Saturday, 27 December 2008

It's a cat's life in Kehl and Stafford

Misty, our cat, is a fan of our life down here in Kehl, opposite Strasbourg. That’s not to say he dislikes his life in Stafford: on the contrary, both he and Janka our dog, seem to thrive on a place which at least has the advantage of never suffering from uncomfortably oppressive temperatures.

For Misty, the main advantage of Stafford is the delightful young lady only two doors away from us: slinky, sexy, doe-eyed. This is Molly, a tortoiseshell with whom he seems to have struck up a mutually enriching relationship. It has to be a platonic relationship since neither is in possession of the necessary organs to make it anything else, but they seem to derive a great deal of pleasure from it all the same.

Sadly, neither of them lives in a house with cat flaps. That means that we frequently see one of them sitting on the grass in front of the bay window, watching the other lying on the sill just the other side of the glass. Once they are both outside, they disappear in a flash of fur into the hedgerows to terrorise the local birds.

Now one of the great advantages of Kehl is that it provides Misty with all the cat flaps he needs. He can get out of the flat, onto the back steps, out into the garden or, if he so chooses, down into the cellar. Kehl gives him freedom of movement. No wonder he likes the place.

Getting here, on the other hand, is another matter. Fourteen hours in the car. That’s about 825 minutes too long for him. He generally lets us get into the journey before he starts expressing his dissatisfaction, sometimes until we’re actually clear of Stafford, but then for the next thirteen and three quarter hours he protests by stalking round the car – if allowed, under the driver’s feet – and mewing piteously. And loudly.

This time was no exception. So it was a real delight to see the way he immediately took off to make the most of the place once we’d got here, in particular, making extensive use of his cat flaps. He popped in quickly for some food, but then vanished outside again. He didn’t show up in the morning, or at lunchtime when we would normally expect him to be hungry, or indeed in the early evening. I found myself reduced to wondering around the neighbourhood calling ‘Misty – pss, pss, pss’, something I always feel makes me look like a complete buffoon. But it was all to no avail.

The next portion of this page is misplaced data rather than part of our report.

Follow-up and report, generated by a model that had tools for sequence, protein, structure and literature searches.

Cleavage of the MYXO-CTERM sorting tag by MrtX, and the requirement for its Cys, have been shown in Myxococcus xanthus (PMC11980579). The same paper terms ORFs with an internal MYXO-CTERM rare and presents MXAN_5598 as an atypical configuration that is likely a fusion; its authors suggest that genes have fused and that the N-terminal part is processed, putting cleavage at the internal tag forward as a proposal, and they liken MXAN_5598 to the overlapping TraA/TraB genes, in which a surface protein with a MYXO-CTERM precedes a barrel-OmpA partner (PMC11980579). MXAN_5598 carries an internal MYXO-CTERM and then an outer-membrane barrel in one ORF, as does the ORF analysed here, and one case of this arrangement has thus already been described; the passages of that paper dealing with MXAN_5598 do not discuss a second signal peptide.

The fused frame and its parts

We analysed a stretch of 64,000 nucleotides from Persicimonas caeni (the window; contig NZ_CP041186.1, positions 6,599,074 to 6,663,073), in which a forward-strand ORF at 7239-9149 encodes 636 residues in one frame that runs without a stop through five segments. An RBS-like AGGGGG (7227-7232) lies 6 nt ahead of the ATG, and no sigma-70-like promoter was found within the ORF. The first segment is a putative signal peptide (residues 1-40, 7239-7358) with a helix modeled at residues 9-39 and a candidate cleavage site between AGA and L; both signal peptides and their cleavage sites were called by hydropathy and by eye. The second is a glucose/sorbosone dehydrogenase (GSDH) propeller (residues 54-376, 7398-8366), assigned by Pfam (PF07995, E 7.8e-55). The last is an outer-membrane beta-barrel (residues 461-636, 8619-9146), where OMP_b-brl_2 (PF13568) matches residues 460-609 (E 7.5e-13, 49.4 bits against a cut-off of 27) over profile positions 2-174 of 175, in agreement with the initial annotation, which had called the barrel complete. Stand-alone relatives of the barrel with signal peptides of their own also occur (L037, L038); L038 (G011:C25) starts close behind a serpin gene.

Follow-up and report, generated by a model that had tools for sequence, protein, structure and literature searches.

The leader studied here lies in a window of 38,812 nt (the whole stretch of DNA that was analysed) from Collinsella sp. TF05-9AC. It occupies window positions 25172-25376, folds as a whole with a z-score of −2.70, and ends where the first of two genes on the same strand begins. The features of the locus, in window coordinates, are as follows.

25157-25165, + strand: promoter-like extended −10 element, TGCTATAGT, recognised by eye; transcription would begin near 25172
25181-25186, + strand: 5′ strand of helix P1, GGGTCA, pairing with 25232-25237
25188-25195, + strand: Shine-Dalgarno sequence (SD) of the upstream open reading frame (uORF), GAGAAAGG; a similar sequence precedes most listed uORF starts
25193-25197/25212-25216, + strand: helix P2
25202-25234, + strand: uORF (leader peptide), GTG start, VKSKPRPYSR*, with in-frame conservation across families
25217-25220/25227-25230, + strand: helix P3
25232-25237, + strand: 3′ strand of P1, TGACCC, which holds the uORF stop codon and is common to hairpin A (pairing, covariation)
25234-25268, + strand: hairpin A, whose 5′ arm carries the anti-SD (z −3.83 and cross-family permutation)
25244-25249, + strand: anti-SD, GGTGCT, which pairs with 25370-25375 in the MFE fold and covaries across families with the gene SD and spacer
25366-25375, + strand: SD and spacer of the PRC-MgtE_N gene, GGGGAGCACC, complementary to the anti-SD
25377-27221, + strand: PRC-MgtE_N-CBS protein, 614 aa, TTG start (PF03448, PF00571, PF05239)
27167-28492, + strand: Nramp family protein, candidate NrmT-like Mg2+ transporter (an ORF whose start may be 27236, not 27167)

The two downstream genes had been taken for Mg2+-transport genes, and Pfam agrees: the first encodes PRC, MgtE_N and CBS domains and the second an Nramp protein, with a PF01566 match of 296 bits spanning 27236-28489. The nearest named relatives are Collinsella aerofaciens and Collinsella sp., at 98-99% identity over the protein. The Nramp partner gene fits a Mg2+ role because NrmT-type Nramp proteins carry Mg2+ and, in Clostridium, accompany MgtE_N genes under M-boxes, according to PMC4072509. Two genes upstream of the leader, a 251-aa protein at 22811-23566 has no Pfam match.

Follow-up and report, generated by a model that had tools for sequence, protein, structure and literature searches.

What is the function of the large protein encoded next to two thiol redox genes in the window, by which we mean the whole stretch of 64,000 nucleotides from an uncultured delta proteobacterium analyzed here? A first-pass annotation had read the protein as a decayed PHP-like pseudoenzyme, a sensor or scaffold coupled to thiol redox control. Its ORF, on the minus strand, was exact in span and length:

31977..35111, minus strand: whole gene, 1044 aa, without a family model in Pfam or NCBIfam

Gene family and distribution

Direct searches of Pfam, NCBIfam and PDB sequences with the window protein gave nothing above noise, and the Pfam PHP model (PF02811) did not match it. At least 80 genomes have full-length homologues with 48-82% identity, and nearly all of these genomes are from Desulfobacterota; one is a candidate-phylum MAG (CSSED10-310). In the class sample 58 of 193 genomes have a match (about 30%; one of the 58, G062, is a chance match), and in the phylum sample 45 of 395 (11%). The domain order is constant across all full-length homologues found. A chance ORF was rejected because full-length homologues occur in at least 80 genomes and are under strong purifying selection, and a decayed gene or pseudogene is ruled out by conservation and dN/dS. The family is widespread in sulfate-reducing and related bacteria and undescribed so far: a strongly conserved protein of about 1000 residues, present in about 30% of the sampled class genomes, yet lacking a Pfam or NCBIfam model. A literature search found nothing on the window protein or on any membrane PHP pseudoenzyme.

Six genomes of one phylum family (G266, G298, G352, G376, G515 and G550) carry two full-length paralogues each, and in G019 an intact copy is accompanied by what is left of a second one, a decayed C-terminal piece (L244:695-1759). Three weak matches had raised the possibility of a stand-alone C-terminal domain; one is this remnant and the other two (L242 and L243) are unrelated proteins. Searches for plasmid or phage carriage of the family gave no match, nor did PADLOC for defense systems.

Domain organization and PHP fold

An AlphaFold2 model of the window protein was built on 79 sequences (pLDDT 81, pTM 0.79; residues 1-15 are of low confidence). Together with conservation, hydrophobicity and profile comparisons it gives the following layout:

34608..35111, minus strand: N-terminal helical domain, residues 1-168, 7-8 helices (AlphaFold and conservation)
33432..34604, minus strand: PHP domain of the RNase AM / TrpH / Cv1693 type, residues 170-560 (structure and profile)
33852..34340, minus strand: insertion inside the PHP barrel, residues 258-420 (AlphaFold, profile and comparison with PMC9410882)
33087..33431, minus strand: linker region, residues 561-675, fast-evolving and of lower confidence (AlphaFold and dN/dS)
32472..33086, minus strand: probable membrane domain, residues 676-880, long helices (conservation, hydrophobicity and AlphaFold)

Finally, at nine o’clock, there was a single mew in the corridor outside the sitting room. There he was, but far from showing any delight at seeing me, he just gave me a look I could only describe as baleful. What was he unhappy about? In order to protect his food from Janka, we keep it in the shower room off our bedroom, with the door held open just wide enough for Misty, just too narrow for Janka. The bedroom door was only just ajar and Misty felt I should open it for him, even though it wouldn’t have been difficult for him to do it himself.

Once he’d eaten his fill he had a quick look-in on us in the sitting room. Not to be stroked or anything, just to acknowledge our presence. He then disappeared into the night again.

I began to wonder what he’d been doing.

In Kehl, Misty’s best friend is the black male upstairs, Pistache. They’re inseparable. In fact, if Janka is out of the flat, Misty invites Pistache in to share his food.

So I can imagine them hooking up when Misty first got here.

‘Hey, Pistachio-o-o-o,’ says Misty, ‘surprised to see me?’

Pistache looks up from the mouse hole he’s been keeping under murderous surveillance. The petrified mice inside are momentarily forgotten in the rush of pleasure at hearing his old friend’s voice again.

‘Miiisty, mate. Gimme some paw. How’s it going? When did you show up?’

‘Just an hour ago. Just time for a bite and then I thought I’d pop out and catch up.’

‘Good for you. We’re just getting started. We’ve got some mice down this hole and we’ve found some starlings that have perched on much too low a branch. We’re planning a concerted attack. You in?’

‘Am I in? Does a mouse roll over and die? Why do you think I put up with fourteen hours in that awful car? You bet I’m here to join in the fun with you guys.’

Pistache gives him a quizzical look.

‘But it’s not that bad where you go, is it?’

‘Hey, no, it’s fine. Nice neighbourhood. Boy, you should see Molly from two doors down.’

‘Molly? A broad?’

‘Tortoiseshell. About five. What she doesn’t know how to do to a bird pinned down under a paw just isn’t worth doing.’

‘Sounds good. You should take me with you some time. I’d like to meet her.’

‘Sure. But are you man enough for the fourteen-hour trip? That takes toughness.’

‘Man enough? Man enough? You got not more balls than I do. Our days of being man enough for anything are long gone. Best we’re ever going to do with a chick is hunt mice.’

They sigh. At that moment, Tara, the Siamese from three doors away comes up to the group.

‘Hey, Tara,’ says Pistache. ‘You should hear about Misty’s girlfriend Molly.’

‘Morry? She nice for you, is she Misty?’ Tara’s purring but there’s an edge to her voice that leaves Misty feeling uneasy. ‘You like your Morry better than Tara, Misty?’

‘Mouse,’ shouts Misty and as a single unit they spring in pursuit.

The reality may differ in minor matters of details, but I’m sure that in general terms that’s the way things are. And why Misty vanishes so long each time we come back here.

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